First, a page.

The Blow The Rhythm Room Wednesday, October 30, 2013
Khaela Maricich of the Blow came on stage howling to get the crowd's attention, then transitioned into an acapella version of "You're My Light" as Melissa Dyne orchestrated the lights and sound off-stage on a booth near the bar. The crowd excitedly howled back, and Khaela said, "It's been a really, really, really, really, really long time, Phoenix. So, what's been up? We just made a new record."
She moved into a short narrative monologue that she's known to pair with her performances, about the space: "This is good. This space will work, I think. It's pretty empty." How's this thing here, she said, as she pointed at a large banner pinned to the wall behind the stage that read "The Rhythm Room," and joked, "So we don't forget where we are when we're here."
Throughout the night, Khaela was fixated with asking the crowd if they felt the "emptiness" that she and Melissa tried to fill in space with their new record. She moved into the opening lines of "You're My Light," which goes, "I guess I'm coming to you from the future . . ." Melissa Dyne set the mood for the beginning of the night, when she set blue lights on Khaela, who was wearing a blue blouse that coordinated with the setting, and danced in accented beat with the song, before taking off the blouse to reveal a black tank top she kept on throughout. She mocked her own dance moves, saying that in the past she didn't know what she was doing, and mocking how her dancing probably looks like to the crowd.
Before she moved into "Like Girls," she gave a monologue about the empty space that needs to be filled in the world: "Things are fairly spacious here in Phoenix. It's nice they make this much space for you to do a show. This is about how much we need."
Khaela joked that what The Blow does is not performance art, while at the same time calling out the crowd for doing what's expected in a crowd and band interaction: "We do stuff. You guys clap and laugh. It starts with an empty space, put the song, we put ourselves, we do the thing, you clap and you laugh. We try to immediately jump into another song, so that there's no empty space there . . . sometimes I just have to stop because things just seem a little fakey to me." Throughout the night she engaged in this self-consciousness that made everyone aware of the role of the "performer" on stage. Is Khaela real? Does this look like Khaela? Melissa layered in some vocals of Khaela, then Khaela said, "That's me. That's my voice." Before she started singing "Come On Petunia," she said she thinks of herself as another girl altogether, because if she thinks of herself as Khaela, then she's not allowed to look at Khaela.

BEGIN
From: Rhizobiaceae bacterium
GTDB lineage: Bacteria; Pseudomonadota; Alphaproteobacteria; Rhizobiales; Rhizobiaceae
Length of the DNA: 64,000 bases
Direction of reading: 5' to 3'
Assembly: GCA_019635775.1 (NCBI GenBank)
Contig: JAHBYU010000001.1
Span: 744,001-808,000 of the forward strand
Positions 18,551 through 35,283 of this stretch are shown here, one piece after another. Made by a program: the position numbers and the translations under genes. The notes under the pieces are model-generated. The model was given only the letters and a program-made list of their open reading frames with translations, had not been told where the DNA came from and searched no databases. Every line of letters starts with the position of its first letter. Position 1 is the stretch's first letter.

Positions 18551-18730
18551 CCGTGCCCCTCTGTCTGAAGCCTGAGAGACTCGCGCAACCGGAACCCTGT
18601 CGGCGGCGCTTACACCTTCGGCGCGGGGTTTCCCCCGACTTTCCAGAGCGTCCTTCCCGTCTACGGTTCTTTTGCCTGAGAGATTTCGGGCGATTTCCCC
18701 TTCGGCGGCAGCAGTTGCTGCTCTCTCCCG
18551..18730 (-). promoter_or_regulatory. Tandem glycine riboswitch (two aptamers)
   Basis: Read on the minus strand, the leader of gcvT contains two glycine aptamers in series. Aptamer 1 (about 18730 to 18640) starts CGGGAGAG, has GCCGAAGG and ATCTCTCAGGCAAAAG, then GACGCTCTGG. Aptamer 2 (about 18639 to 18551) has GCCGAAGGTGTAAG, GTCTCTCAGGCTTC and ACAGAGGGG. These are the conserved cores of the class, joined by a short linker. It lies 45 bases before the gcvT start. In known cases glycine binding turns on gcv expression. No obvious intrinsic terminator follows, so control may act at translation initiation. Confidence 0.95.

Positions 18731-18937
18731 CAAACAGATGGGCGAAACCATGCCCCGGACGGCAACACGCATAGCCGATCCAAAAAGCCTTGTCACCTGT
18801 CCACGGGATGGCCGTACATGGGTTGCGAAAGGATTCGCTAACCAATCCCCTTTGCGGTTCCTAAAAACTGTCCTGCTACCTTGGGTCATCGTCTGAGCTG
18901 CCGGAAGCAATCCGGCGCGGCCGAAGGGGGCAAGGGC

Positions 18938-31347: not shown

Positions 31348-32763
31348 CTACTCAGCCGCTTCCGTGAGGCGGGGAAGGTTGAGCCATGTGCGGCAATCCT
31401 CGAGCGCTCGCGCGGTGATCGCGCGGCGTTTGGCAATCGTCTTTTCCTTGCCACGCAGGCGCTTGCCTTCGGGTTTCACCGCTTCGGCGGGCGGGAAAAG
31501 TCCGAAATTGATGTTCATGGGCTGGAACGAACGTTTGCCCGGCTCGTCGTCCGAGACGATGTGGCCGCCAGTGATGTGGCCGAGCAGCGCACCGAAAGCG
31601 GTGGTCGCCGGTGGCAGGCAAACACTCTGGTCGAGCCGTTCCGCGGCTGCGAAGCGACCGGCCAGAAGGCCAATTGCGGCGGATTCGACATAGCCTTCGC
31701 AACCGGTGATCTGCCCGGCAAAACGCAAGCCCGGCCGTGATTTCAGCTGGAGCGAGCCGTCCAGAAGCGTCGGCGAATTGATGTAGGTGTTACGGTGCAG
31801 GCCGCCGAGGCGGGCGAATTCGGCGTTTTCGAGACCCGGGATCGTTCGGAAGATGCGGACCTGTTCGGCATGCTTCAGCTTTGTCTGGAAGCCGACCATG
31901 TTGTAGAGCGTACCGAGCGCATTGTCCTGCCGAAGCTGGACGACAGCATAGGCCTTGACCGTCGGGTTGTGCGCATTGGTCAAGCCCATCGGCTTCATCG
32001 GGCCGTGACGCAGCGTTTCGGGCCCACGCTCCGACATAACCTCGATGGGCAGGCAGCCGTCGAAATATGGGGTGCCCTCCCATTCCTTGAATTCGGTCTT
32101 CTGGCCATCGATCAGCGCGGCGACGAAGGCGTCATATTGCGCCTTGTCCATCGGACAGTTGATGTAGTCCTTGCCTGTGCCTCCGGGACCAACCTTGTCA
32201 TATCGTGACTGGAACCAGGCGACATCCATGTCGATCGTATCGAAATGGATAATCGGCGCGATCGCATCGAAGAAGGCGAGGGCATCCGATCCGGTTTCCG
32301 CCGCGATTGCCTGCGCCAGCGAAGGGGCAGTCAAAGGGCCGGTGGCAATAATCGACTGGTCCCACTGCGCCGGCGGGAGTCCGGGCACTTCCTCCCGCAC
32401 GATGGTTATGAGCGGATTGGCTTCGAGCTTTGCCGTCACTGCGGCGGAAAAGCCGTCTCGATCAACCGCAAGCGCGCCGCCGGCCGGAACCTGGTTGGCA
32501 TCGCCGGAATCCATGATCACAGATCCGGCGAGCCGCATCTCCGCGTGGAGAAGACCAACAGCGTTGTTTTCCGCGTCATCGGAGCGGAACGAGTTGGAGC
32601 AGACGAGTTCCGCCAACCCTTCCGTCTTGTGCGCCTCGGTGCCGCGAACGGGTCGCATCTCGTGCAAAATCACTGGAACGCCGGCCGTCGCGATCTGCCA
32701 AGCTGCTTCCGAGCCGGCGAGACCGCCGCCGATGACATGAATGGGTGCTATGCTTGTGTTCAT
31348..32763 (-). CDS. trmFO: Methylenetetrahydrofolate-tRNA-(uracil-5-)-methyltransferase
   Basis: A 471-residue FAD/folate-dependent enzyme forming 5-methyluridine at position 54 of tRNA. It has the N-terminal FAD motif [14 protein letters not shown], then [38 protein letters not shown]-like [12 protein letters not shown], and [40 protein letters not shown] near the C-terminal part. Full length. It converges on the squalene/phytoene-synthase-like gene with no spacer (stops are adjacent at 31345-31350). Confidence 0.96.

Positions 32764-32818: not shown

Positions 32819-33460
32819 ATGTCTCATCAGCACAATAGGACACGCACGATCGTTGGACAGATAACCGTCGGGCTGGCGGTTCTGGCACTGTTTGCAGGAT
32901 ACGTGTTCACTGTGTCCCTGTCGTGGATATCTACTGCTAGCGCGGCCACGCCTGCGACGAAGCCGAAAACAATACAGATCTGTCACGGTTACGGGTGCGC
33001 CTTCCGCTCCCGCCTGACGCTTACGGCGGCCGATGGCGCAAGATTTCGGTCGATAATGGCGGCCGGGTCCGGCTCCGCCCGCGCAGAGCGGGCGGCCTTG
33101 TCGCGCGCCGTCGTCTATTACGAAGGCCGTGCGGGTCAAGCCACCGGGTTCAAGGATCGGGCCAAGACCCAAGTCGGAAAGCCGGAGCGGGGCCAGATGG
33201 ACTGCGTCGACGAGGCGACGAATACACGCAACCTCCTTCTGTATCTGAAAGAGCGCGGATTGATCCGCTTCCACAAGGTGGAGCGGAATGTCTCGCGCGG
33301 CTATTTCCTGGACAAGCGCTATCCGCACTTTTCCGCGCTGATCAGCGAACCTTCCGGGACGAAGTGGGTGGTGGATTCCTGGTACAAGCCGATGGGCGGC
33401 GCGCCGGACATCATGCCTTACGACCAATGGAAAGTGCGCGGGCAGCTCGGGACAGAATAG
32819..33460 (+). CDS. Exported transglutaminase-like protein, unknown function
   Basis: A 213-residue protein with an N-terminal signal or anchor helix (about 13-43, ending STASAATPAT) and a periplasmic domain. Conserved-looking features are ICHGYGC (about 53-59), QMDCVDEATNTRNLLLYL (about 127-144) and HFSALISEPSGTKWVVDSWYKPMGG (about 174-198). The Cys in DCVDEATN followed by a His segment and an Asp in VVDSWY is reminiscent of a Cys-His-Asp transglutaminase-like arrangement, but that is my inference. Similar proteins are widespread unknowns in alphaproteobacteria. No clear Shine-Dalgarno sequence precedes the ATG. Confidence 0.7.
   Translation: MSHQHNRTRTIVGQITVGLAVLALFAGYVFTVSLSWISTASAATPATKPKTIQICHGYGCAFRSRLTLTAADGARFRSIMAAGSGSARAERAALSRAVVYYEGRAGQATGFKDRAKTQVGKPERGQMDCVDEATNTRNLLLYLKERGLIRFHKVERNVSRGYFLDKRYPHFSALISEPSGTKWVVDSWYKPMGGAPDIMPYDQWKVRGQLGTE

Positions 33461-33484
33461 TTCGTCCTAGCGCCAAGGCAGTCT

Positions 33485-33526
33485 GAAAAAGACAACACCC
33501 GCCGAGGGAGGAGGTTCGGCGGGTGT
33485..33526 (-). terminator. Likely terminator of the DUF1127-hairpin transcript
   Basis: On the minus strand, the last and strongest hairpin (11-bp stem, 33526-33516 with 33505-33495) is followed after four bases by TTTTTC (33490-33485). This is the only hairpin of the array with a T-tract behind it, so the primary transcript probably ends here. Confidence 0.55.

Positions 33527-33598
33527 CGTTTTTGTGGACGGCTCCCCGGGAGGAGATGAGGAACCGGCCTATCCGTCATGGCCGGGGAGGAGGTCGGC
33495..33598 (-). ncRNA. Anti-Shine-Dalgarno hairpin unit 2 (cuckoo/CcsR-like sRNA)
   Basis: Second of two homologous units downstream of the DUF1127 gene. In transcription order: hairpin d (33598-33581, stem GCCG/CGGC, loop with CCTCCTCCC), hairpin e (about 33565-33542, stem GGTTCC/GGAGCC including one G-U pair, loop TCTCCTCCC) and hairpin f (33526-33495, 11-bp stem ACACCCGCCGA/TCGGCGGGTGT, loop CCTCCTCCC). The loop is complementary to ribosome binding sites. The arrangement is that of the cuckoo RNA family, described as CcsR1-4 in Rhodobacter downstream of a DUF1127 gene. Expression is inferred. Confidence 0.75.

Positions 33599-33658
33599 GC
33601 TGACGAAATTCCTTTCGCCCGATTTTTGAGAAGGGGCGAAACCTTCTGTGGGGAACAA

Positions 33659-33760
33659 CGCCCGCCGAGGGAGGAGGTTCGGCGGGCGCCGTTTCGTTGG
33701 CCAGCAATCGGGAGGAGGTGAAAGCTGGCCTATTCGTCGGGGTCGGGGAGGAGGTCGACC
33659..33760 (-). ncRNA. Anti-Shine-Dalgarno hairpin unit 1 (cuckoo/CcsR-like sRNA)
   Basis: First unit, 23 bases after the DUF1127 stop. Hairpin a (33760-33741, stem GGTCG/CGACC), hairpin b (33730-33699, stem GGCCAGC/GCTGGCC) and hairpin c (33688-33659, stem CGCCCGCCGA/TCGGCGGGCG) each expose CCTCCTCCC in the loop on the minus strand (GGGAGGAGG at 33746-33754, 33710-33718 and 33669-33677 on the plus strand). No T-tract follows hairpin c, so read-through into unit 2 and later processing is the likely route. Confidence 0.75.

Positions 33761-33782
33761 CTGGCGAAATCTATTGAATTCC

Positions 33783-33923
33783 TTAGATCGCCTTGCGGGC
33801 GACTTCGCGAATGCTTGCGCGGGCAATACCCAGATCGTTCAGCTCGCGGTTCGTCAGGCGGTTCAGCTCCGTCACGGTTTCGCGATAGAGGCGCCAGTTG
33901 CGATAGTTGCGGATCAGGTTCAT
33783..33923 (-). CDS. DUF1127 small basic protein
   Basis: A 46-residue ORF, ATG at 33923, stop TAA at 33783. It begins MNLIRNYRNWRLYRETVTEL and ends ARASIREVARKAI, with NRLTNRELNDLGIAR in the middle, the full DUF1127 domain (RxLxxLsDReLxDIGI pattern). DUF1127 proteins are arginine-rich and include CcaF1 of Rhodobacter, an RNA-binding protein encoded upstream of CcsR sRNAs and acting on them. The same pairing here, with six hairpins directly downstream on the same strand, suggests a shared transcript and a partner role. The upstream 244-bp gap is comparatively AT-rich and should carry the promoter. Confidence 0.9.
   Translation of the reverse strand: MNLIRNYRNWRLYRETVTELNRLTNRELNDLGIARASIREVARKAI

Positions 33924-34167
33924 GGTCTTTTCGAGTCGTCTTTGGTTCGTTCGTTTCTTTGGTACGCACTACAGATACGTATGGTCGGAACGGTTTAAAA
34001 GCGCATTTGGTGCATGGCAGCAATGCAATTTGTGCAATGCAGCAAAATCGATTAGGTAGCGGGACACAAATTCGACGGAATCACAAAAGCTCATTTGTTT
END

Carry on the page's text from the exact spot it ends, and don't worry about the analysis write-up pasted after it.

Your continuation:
The crowd was spread out coarsely in front of the stage, so she asked them to get close and put their hands up as she started making beatbox-like breathing sounds that Melissa added effects to, to make it loop, and then Khaela jumped into the crowd's arms and asked them to move her towards Melissa. She surfed through to get towards Melissa, who was quietly orchestrating sounds and visions from her booth, as Khaela got into The Blow classic "True Affection."